Ticketmaster North America Furloughs a Quarter of Company’s Employees

Hundreds of staffers will receive health benefits but otherwise lose their salaries starting May 1, as the concert business faces any resumption of live music on a national scale being months away.

Ticketmaster and Bud Light signage are
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Ticketmaster North America has furloughed a quarter of its workforce, sources confirm to Variety, in one of the most tangible signs yet of the severity of the coronavirus pandemic’s effect on the concert industry.

The hundreds of affected employees were alerted Tuesday in a conference call that was followed by a letter from Ticketmaster president Jared Smith.

“For the very first time in the history of live entertainment, the industry is completely shut down — something that a few short months ago would have seemed incomprehensible,” Smith said in the letter to employees, a copy of which was obtained by Variety.

“Since the beginning of this global crisis,” he continued, “we have operated with the goal of staying true to our company’s core philosophy of ‘taking care of our own.’ This is why we continued to keep our team at full pay through March and April, even as the tens of thousands of events we support and sell ground to a halt.”

Smith praised the staff for its crisis response in the midst of revenue grinding to a halt and said that “this team spirit and camaraderie made the decision to furlough a portion of our workforce all the more difficult. I assure you, however, that this decision was arrived at with great consideration and care. Without a doubt, this is the hardest decision I have faced in my tenure leading this great organization but it is one I feel is necessary to protect the future of our company.”

The company assured employees the furloughs are temporary, and that they expect to bring the workforce back in full once conditions allow live performances to resume. The payroll suspensions take effect May 1, after which those affected will continue to have health benefits, with the company paying both employee and employer insurance premiums; workers will also receive a 1-2-week payout of earned time off. Sources say no further employee cuts are anticipated.

Billboard first broke news of the furloughs on Wednesday.

The possibility had been broached more than two weeks ago, in parent company Live Nation’s April 13 filing with the SEC, which said the company was looking to cut $500 million in costs this year through measures that would also include reducing contractors, renegotiating rent, and paring back other discretionary spending.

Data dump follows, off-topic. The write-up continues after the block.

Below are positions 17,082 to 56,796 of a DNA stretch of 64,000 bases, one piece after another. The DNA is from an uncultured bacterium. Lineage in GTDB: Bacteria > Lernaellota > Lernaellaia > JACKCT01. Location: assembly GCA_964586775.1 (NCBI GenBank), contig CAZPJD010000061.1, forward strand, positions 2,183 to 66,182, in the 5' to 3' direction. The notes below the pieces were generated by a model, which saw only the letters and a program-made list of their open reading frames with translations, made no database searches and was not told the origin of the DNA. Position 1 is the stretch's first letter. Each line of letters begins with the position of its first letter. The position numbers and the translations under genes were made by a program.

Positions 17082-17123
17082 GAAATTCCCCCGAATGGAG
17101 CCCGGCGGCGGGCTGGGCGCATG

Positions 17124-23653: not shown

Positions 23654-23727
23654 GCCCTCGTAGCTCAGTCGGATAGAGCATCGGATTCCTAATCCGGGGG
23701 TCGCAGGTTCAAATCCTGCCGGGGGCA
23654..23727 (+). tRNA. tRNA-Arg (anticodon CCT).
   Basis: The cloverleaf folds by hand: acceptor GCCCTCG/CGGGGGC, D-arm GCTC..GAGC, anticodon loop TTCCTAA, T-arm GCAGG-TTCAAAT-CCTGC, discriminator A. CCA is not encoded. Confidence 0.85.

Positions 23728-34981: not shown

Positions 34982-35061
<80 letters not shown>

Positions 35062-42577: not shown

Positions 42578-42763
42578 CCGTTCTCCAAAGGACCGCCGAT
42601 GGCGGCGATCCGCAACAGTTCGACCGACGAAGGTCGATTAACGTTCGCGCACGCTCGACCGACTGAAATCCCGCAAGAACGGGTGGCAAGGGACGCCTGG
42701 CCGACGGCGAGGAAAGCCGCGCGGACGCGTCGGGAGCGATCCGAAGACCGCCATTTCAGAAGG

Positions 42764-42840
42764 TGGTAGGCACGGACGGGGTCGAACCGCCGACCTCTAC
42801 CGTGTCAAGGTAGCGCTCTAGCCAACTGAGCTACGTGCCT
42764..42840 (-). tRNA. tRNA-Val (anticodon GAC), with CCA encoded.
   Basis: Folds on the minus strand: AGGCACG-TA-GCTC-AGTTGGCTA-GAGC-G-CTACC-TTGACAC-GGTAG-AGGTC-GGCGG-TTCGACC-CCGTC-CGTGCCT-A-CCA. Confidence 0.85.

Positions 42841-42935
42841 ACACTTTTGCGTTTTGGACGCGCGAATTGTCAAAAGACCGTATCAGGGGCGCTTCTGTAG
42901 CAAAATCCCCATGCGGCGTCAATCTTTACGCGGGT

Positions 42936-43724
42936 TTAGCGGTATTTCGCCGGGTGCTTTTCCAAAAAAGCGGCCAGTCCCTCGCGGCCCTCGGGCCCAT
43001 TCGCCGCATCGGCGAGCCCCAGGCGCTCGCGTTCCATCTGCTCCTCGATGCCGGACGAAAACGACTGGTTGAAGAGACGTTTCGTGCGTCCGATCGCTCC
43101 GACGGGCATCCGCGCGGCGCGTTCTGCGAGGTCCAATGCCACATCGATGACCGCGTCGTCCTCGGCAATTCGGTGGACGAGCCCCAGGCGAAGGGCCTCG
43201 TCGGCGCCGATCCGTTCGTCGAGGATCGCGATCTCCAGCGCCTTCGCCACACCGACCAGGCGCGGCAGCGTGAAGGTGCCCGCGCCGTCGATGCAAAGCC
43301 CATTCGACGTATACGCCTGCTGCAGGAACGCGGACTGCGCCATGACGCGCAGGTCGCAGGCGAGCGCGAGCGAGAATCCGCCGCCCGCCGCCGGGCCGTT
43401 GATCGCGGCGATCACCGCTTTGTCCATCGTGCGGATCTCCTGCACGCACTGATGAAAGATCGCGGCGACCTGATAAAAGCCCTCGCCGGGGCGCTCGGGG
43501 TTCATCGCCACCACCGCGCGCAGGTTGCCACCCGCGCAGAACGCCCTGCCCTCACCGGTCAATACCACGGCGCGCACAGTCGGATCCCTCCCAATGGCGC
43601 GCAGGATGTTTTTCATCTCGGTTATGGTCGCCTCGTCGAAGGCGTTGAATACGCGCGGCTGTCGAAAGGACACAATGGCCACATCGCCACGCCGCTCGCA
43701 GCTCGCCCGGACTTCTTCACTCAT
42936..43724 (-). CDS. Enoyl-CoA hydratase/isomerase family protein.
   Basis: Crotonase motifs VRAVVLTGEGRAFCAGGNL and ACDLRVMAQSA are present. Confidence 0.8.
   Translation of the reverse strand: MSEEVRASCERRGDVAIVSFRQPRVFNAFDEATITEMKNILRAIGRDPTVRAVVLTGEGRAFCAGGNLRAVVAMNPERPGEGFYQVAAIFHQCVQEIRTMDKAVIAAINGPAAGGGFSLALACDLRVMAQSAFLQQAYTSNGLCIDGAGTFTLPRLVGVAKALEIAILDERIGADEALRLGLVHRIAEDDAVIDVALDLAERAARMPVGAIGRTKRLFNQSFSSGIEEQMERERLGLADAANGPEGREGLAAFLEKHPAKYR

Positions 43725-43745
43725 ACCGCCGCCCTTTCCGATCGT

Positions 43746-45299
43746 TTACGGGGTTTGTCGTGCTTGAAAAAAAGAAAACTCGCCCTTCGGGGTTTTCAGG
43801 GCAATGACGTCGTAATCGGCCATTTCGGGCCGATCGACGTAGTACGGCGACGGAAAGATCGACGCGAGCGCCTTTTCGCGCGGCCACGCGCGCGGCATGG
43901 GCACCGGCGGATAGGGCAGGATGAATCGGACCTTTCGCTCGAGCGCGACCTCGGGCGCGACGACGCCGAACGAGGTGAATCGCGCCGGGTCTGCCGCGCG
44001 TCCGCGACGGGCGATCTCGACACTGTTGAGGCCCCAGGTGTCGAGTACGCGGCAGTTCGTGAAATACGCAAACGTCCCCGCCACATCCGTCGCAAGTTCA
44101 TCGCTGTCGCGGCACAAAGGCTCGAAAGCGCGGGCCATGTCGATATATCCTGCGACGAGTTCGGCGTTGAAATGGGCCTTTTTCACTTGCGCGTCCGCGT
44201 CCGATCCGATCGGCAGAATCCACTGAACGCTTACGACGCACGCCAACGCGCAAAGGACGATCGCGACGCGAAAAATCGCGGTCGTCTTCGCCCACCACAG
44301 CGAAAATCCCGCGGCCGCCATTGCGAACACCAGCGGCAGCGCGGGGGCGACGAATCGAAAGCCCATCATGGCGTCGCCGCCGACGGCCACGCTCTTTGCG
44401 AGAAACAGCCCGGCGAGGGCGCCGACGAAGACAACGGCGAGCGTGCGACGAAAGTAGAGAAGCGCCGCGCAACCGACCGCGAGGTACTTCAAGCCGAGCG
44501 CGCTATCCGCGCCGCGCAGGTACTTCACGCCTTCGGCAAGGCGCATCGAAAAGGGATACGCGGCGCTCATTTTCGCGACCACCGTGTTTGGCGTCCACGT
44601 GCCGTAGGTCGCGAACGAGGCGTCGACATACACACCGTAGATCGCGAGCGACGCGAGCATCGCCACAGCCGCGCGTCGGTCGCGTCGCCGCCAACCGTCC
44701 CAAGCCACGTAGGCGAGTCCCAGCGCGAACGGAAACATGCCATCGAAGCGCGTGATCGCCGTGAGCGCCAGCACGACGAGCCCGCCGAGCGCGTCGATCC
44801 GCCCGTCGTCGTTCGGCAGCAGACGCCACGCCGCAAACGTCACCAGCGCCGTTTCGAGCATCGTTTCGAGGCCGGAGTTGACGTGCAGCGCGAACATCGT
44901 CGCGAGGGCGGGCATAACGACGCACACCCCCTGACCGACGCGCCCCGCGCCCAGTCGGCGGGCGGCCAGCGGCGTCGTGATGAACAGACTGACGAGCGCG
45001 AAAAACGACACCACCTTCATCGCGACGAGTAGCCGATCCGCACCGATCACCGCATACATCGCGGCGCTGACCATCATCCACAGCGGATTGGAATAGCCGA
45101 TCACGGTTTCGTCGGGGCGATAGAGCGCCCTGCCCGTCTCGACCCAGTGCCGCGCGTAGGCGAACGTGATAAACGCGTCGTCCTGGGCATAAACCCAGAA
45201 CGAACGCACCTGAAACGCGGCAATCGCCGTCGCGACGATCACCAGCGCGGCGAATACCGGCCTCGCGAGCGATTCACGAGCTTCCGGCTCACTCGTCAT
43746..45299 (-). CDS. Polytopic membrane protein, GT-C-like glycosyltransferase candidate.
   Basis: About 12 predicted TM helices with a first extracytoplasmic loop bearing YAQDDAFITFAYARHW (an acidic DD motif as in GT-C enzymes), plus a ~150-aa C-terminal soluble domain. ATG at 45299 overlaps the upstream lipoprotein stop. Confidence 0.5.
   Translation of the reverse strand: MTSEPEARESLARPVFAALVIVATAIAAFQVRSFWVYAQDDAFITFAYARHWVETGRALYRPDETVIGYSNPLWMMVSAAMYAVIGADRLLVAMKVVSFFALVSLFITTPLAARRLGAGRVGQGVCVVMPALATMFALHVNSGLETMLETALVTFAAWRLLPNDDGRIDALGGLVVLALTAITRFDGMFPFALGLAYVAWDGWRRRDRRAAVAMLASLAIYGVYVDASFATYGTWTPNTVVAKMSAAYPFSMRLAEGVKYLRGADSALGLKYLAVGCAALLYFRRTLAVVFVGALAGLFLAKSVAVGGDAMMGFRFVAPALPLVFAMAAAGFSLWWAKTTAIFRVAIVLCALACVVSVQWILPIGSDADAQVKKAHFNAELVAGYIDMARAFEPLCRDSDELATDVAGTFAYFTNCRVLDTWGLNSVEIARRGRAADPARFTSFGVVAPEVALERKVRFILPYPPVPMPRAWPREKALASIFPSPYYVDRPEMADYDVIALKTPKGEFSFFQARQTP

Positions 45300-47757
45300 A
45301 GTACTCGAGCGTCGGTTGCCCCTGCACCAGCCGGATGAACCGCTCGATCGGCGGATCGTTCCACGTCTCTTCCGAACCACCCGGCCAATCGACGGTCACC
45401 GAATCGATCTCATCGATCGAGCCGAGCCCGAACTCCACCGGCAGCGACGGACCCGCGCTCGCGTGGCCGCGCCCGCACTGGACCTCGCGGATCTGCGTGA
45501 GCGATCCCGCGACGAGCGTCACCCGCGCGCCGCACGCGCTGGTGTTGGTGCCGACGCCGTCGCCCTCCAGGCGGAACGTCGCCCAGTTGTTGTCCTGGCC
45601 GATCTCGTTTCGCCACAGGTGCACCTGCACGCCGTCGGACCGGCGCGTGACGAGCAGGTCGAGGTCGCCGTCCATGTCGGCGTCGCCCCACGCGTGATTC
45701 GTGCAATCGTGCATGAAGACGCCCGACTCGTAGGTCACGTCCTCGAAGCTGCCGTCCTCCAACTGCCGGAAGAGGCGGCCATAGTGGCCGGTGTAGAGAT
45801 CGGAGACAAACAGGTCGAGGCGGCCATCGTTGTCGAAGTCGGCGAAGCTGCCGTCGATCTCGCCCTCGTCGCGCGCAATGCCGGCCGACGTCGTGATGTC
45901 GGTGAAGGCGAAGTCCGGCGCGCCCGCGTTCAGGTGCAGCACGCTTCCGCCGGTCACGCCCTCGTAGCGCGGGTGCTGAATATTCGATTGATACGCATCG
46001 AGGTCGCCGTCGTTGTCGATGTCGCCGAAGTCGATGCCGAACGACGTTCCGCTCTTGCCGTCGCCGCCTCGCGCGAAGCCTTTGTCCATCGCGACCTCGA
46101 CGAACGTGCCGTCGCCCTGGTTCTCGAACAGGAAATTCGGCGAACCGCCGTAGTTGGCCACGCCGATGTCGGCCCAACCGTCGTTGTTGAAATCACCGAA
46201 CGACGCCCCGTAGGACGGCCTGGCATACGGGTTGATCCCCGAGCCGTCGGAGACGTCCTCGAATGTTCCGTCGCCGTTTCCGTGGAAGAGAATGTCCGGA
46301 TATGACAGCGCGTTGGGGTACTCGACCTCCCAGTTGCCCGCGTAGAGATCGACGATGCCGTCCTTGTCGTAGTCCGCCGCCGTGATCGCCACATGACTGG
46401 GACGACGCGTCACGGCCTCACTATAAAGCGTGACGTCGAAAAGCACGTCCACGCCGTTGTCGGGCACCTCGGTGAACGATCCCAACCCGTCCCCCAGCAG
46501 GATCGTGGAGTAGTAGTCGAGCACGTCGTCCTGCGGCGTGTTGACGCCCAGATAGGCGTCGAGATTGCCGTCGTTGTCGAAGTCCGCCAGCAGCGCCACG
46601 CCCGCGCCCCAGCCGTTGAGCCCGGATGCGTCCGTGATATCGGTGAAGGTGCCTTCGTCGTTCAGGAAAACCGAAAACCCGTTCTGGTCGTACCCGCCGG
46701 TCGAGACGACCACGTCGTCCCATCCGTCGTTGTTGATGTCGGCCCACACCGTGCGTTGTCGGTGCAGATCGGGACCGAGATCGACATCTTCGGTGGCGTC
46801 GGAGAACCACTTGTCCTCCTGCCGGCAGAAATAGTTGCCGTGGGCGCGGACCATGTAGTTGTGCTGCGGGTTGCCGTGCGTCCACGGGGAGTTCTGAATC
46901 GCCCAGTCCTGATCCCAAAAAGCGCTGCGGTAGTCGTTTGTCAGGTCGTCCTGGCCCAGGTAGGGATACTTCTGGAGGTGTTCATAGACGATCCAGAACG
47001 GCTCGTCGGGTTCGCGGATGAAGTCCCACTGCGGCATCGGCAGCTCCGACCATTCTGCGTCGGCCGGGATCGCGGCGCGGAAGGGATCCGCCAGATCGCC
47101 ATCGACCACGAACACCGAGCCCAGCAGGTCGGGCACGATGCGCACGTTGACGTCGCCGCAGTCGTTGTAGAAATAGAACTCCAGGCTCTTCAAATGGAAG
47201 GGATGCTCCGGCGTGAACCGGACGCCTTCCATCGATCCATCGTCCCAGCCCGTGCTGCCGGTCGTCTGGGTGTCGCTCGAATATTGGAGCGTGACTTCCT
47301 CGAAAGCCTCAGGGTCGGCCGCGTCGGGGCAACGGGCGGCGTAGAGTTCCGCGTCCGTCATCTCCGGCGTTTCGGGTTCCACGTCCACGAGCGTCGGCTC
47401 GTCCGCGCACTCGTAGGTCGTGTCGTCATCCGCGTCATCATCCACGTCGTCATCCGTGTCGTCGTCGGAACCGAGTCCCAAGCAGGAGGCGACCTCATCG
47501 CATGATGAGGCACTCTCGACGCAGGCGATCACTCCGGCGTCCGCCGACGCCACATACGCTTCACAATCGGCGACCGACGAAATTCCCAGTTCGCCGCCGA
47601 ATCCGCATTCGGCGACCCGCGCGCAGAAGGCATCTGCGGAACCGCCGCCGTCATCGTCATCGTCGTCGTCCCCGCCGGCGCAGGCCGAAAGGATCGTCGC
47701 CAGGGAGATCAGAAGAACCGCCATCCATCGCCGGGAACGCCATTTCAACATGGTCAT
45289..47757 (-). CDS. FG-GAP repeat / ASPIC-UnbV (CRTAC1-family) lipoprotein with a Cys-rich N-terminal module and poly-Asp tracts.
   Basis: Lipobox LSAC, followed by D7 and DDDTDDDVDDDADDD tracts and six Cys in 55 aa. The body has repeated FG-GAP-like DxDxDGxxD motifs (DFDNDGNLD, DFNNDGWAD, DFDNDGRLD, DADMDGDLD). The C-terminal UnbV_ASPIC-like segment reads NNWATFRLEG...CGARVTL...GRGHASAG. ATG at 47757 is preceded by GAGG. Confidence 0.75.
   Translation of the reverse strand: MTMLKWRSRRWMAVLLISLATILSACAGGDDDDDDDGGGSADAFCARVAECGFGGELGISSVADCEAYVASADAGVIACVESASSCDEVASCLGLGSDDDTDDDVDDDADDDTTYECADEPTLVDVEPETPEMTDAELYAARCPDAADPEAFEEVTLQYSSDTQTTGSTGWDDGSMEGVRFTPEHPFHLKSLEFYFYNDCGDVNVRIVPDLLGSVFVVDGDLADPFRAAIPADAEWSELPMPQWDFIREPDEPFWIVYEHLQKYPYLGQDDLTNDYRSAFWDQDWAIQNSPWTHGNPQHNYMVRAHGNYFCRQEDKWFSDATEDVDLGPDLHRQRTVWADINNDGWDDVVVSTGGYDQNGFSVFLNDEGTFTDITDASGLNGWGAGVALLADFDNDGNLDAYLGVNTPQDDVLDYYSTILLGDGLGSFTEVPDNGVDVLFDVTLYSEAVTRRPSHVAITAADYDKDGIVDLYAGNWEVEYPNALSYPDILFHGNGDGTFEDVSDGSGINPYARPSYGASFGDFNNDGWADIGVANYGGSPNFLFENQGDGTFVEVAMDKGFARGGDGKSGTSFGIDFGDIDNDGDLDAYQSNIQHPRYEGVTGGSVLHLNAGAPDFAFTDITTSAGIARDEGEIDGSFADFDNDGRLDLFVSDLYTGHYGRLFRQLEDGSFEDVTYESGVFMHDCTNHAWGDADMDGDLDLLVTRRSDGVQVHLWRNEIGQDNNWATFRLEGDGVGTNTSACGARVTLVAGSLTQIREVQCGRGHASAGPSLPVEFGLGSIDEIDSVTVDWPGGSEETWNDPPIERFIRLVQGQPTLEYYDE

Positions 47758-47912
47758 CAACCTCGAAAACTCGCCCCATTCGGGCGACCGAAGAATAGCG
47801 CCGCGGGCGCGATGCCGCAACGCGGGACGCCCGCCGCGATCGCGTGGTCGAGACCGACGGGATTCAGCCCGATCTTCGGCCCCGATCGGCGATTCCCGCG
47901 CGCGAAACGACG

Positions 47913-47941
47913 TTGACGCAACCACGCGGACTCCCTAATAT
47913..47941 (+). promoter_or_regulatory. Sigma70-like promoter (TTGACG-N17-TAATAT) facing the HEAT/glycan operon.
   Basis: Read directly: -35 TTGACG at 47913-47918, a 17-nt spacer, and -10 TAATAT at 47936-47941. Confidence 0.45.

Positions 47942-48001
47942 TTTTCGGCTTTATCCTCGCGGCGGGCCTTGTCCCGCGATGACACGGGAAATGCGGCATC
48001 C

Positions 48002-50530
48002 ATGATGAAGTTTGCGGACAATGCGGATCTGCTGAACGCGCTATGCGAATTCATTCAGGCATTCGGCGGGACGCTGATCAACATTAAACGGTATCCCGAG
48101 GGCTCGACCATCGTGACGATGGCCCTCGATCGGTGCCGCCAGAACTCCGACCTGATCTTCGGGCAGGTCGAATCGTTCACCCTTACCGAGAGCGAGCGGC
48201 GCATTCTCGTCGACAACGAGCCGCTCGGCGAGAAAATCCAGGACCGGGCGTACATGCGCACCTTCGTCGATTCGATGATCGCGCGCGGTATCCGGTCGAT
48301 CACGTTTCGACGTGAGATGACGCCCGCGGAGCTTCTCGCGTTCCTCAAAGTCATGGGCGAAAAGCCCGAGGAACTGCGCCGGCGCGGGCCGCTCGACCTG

“We are entirely focused on getting back to business as soon as it is safe and sensible to do so, and in turn, protecting your job for the future,” Smith told furloughed employees in his letter. “We will continue to evaluate the situation and begin bringing back employees as soon as circumstances permit us to do so.” After a long list of details about benefits and filing for unemployment insurance, he said “nothing about this is easy” and signed off urging employees to “be well and stay safe.”

The move came on the heels of a letter sent to staff of the parent company Live nation on Monday by chairman/CEO Michael Rapino, detailing ticket refund policies, a perpetual source of fan controversy since the pandemic began. In that memo, Rapino gave specific figures for the amount of cancellations that have rocked Ticketmaster (which handles ticketing for many events beyond those promoted by Live Nation itself).

Rapino said that “to date there are 50,000 events that have been canceled, postponed or rescheduled globally on the TM Platform.” He further said that “60% of the over 50,000 events that have been canceled, postponed and rescheduled globally on the TM Platform have been authorized for refunds — and we have already returned over $400 million to fans.”

The concert industry is facing untold months ahead with no concerts and no income. Although some states are looking at opening up faster than others, most touring isn’t likely to resume until all the big cities are back in business. California governor Gavin Newsom made it clear Tuesday that that would not happening any time soon in the biggest state in the country, as he grouped concerts and sporting events together in a fourth and final phase of reopening that he said would only be permitted in the instance of either a vaccine or some other form of mass immunity.